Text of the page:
Sea Otter: a felony to hunt or a need to control the population?

Sea Otter (Enhydra lutris) preening itself in Morro Bay Feb. 21, 2007 – Wikipedia Commons

Which way is it going to be? The feds have made their presence in southeast Alaska known, engaging in undercover investigations into sea otter hunting and trading which have resulted in one Haida hunter/furrier accepting a plea deal for a felony conviction and house arrest. Meanwhile, State Senator Bert Stedman is proposing legislation that will put a bounty of $100 on the head of sea otters in the region. Huffington Post reports:

An Alaska state senator is proposing a bounty on sea otters, the cute little marine mammals often seen by tourists swimming on their backs between cruise ships, sometimes munching on a fresh crab or clams.

Sen. Bert Stedman, R-Sitka, sees the furry-faced critters as a growing threat to shellfish beds, particularly in southeast Alaska, where he is from. On Wednesday, he introduced legislation that would have the state pay $100 for each sea otter lawfully killed under the federal Marine Mammal Protection Act.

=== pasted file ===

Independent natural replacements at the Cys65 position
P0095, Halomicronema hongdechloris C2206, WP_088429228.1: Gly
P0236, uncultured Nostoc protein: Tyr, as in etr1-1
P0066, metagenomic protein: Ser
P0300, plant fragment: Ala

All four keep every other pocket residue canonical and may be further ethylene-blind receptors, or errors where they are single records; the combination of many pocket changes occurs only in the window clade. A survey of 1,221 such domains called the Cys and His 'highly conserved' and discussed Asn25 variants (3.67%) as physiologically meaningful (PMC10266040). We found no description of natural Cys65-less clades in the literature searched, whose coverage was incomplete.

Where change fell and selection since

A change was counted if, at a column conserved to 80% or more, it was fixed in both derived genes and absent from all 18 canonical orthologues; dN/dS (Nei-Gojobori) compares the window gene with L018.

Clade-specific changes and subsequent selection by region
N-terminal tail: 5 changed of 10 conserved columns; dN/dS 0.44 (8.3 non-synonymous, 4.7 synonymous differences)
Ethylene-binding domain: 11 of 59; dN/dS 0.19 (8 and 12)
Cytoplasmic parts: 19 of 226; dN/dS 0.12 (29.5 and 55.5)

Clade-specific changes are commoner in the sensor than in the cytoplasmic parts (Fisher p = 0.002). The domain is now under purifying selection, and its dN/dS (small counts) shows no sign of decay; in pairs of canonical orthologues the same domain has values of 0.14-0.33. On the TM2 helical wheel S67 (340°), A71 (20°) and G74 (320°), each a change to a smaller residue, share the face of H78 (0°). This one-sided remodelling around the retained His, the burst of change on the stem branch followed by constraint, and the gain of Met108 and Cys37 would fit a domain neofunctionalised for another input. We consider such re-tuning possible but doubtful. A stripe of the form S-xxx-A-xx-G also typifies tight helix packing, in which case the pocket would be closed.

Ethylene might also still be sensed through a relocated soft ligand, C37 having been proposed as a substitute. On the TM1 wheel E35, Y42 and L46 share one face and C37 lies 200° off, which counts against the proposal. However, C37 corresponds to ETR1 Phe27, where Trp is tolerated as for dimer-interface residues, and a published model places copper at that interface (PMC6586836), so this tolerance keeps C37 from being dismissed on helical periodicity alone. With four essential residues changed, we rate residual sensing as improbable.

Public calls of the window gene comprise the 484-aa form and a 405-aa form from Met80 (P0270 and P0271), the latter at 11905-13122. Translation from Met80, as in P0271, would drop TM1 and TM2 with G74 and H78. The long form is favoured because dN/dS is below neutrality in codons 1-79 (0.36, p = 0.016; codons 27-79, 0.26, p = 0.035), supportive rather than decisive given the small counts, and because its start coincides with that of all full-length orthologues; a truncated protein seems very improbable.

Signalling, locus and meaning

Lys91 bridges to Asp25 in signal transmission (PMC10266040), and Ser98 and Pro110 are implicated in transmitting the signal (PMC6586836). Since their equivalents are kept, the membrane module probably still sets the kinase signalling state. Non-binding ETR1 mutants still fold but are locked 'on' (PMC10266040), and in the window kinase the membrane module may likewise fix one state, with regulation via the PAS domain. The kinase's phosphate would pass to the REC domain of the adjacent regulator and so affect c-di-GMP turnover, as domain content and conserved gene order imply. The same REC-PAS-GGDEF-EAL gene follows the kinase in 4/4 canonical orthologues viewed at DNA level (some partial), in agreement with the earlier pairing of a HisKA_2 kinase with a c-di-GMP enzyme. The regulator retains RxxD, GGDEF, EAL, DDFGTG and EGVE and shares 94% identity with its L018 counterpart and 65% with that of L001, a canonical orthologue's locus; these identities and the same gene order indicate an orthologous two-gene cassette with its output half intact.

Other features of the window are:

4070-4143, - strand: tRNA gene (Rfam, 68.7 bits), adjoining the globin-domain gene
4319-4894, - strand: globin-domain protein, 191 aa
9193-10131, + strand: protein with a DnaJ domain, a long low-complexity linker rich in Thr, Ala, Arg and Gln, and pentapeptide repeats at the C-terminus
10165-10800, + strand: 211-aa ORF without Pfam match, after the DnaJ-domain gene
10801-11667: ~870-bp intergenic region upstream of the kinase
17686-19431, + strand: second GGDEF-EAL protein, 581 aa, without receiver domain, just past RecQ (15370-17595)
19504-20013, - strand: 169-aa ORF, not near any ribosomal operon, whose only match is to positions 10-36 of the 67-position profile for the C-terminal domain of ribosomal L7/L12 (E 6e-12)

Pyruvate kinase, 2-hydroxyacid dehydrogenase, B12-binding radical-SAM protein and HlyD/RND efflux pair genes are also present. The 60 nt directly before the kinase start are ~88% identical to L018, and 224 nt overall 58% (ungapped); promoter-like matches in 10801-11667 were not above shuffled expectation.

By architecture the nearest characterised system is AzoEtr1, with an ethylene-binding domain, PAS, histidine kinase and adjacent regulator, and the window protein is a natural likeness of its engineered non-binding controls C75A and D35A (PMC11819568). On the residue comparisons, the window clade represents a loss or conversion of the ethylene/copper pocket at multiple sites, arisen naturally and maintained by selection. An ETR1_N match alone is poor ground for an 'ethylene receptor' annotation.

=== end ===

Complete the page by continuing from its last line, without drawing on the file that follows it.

“We’re not talking eradication. We’re talking slowing the population growth,” he said. “In my opinion, we’re not going to get any help from the federal government.”

Traditionally wildlife management in the region has been in the hands of Tlingit, Haida and Tsimshian tribes, clans and villages. These are the only entities which have proven capable of “managing” sustainable fisheries and wildlife over the long term in the region. Now our traditional hunters, trappers, furriers and traders face felony charges from the feds on one hand, and potential incentives from the state on the other. Just another day in Indian Country, I guess.

Related stories:

Sherman Roger Alexander vs. United States from our point of view

Entrapped Haida Hunter/Furrier Speaks About His Experience

Entrapped Haida Hunter Stands Trial in Juneau


About Vince

I am a Tlingit, born and raised in Tlingit Country, and a proud member of the Tlingit Nation.
This entry was posted in Building a Tlingit Nation, Decolonization, Environment, Haida. Bookmark the permalink.

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